Kaseya is developing several new software initiatives and seeking to re-accelerate the company's growth after a challenging couple of years involving major software transitions and SaaS launches, sources say. Yes, the company is growing. But not as fast as the go-go years of 2005 through 2009, sources indicate. Kaseya CEO Gerald Blackie will share his vision this morning at the Kaseya Connect 2012 user conference in Las Vegas, where more than 600 managed services providers (MSPs) and corporate IT managers have gathered. In the meantime, here's an insider's look at Kaseya.

First, some background.

Instead of focusing purely on the MSP market, Kaseya has bridged the IT management industry – helping MSPs and mid-market corporate IT managers to support PCs, servers and IT infrastructure. Instead of pitching itself as an RMM (remote monitoring and management) software company, Kaseya focuses on the $15 billion IT Operations Management industry plus Automated Client Lifecycle Management (CLM) and IT service desk (ITSD) offerings, with a growing emphasis on the SMB market.

Kaseya has 10,000 customers and also has a strong following in the MSP community. I believe Kaseya is among the largest independent software companies focused on empowering MSPs.

Changing Times

Still, multiple sources say, Kaseya’s growth has slowed in recent years. The sources indicate that Kaseya’s revenues grew significantly from 2005 to 2009 before the company apparently experienced some growing pains with a major software upgrade called K2 in 2010, and major R&D efforts involving SaaS and cloud computing. (Kaseya started out as an on-premises software provider before branching out into SaaS and cloud applications.)

Moreover, Kaseya has faced intensified competition in the MSP software market, where upstarts like LabTech Software (funded by ConnectWise Capital)  made aggressive moves in 2010 and 2011.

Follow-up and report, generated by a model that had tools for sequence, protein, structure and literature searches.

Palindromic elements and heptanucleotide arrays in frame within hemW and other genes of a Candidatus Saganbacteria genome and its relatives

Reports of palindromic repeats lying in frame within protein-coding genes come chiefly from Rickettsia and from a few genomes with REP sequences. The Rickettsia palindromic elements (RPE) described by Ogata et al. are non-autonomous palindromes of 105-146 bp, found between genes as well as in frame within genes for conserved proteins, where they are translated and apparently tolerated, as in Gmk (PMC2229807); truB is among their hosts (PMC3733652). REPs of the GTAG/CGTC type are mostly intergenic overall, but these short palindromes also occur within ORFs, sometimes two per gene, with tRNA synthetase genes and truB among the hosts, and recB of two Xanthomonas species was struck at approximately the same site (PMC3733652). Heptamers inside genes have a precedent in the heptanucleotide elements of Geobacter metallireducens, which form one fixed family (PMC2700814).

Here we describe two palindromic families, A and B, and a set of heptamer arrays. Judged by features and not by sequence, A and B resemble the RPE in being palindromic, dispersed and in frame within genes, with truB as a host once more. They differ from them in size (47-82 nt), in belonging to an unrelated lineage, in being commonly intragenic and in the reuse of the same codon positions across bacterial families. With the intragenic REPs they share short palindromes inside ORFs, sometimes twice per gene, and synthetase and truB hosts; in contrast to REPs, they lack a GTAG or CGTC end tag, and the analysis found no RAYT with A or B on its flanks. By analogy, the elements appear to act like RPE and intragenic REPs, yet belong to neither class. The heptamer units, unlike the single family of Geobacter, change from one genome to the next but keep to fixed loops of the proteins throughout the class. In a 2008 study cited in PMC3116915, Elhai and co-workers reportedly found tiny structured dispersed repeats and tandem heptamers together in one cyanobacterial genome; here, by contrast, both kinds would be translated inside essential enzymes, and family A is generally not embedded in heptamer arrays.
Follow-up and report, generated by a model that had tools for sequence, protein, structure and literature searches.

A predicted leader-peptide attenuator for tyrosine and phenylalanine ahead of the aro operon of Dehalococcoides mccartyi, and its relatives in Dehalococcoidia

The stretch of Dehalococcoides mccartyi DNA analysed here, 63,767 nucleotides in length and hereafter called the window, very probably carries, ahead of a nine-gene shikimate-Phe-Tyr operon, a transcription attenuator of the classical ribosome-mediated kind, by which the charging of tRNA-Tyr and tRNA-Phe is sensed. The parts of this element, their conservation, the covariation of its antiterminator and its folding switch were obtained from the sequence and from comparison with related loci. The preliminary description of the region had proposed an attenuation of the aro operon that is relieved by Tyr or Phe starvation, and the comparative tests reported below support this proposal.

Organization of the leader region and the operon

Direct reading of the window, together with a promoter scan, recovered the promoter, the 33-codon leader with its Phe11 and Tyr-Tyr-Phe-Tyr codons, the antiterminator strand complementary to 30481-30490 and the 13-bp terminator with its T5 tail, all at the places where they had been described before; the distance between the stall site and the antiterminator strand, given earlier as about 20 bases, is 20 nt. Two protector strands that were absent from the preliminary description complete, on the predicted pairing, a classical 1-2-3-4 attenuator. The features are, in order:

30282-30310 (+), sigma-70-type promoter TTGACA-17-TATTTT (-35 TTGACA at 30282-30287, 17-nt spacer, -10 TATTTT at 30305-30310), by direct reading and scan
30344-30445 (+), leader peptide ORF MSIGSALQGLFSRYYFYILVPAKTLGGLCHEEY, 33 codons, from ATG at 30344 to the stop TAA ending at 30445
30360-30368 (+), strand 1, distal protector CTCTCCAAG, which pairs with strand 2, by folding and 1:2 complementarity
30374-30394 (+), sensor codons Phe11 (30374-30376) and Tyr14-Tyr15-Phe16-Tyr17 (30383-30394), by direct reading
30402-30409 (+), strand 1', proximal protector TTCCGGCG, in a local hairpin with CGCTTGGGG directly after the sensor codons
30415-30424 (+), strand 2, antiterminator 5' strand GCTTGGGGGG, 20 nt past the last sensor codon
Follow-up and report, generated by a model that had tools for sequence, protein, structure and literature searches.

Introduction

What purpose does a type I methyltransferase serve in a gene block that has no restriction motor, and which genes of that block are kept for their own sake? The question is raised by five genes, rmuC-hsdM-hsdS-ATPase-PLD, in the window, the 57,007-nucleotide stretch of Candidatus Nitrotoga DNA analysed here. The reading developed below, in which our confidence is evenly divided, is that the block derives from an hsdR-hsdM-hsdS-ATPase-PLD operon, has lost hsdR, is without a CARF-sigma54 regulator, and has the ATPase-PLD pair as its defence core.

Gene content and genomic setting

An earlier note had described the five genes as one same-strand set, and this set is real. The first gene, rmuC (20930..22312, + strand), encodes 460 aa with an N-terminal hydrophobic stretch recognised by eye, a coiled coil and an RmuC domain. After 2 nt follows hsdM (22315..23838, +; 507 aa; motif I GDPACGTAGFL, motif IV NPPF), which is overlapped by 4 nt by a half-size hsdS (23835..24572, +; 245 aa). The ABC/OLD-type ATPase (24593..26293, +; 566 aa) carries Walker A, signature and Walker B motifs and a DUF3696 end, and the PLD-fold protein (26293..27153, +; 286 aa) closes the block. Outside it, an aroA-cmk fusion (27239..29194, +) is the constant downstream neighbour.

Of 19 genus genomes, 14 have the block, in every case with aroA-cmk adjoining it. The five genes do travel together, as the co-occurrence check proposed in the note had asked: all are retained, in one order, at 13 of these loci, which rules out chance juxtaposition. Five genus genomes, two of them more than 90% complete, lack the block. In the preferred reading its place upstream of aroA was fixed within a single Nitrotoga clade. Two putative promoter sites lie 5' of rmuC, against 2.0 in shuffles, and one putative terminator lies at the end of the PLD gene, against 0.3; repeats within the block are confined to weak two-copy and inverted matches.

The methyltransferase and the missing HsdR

Kaseya Revenues

Sources indicate that Kaseya suffered a rare $2.9 million net loss in 2010 amid the K2 transition and SaaS initiatives. Kaseya has otherwise been profitable since 2005, the sources indicate. Plus, the sources say Kaseya has had the following revenues from 2005 to 2011:
  • 2005: $1.9 million
  • 2006: $12.1 million
  • 2007: $27 million
  • 2008: $43 million
  • 2009: $62 million
  • 2010: $73 million
  • 2011: $83 million
The sources indicated that Kaseya, now at roughly 450 employees, is striving to hit somewhere around $96 million in revenues for 2012.

Also, a side note: Kaseya is a privately held company, and Kaseya hired a new CFO in December 2011. While I believe the figures above are accurate, I will seek more insights from Kaseya today.

Where Is Kaseya Going Next?

Kaseya has publicly disclosed a push into mobile device management. But sources say Kaseya is also focusing on such emerging opportunities as:
  • Capacity management and planning tools
  • Service billing
  • SaaS tools for IT operations
  • Application release automation
  • Cloud management platforms

Kaseya CEO Perspectives

So how will Kaseya piece all of those software offerings into an integrated solution for MSPs and corporate IT managers? Kaseya CEO Gerald Blackie is set to address Kaseya Connect 2012 attendees today. And when I grab some time with Blackie, I will be sure to pursue answers to these seven questions.

Update: Here a recap of Blackie's keynote, which just concluded.